If the death numbers are staggering, 8,500 from 2001-2005, then consider this. According to the Office of National Drug Control Policy, young adults between the ages of 18 and 25 abuse prescription drugs more than any other age group.
Texas Health Dallas Psychiatrist Dr. Tom Wood leads a group therapy class full of people addicted to drugs. He says about a third of is patients are hooked on prescription drugs.
"I think there are a lot of young adults, college age students, I've had few that come through here that were taking it just as recreation, and they really weren't aware that it was in the same class as morphine or heroin."
Dr. Wood says many become hooked so quickly they begin looking for pain medications everywhere.
"Almost inevitably, if someone is addicted and they come in here for that type of medication and I'll ask them and yes, they'll routinely raid anyone's medicine cabinet then they go visiting."
Some are able to buy painkillers on the street. Last week, two robbers were caught trying to steal painkillers from a Dallas pharmacy. Parkland Hospital addiction specialist Dr. Brain Fuehrlein say 70 percent of emergency room visits are caused by drugs.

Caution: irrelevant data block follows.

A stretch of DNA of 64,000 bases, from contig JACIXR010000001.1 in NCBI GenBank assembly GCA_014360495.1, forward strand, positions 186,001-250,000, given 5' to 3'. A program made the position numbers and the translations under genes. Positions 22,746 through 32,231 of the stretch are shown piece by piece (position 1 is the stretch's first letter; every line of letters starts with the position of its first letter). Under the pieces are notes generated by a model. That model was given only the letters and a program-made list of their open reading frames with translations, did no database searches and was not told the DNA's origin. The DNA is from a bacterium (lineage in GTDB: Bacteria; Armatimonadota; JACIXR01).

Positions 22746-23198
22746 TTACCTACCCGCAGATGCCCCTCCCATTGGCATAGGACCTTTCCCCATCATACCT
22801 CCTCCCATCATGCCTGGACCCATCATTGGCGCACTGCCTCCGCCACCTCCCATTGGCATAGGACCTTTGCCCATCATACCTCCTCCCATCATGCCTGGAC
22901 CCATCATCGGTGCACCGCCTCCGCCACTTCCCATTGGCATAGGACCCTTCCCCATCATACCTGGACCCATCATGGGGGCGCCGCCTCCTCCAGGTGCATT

"There is a black market, an underground market for these types of medications and unfortunately, addictions tend to start at a very young age often even under eighteen."
Others simply go from doctor to doctor shopping for prescriptions. Feuhrlein says electronic records could eliminate the problem.
"An electronic or centralized database of prescriptions or medications would help with that problem because now everyone can tap into a centralized resource and say well, doctor so and so has already prescribed you pain medicine."
Pain medicines that Dr. Feuhrlein says can kill.
"And this very innocent prescription of a pain killer or an anxiety medicine can spiral out of control and eventually take the life of someone."
Study: Painkillers contributed to 8,500 deaths in 2005
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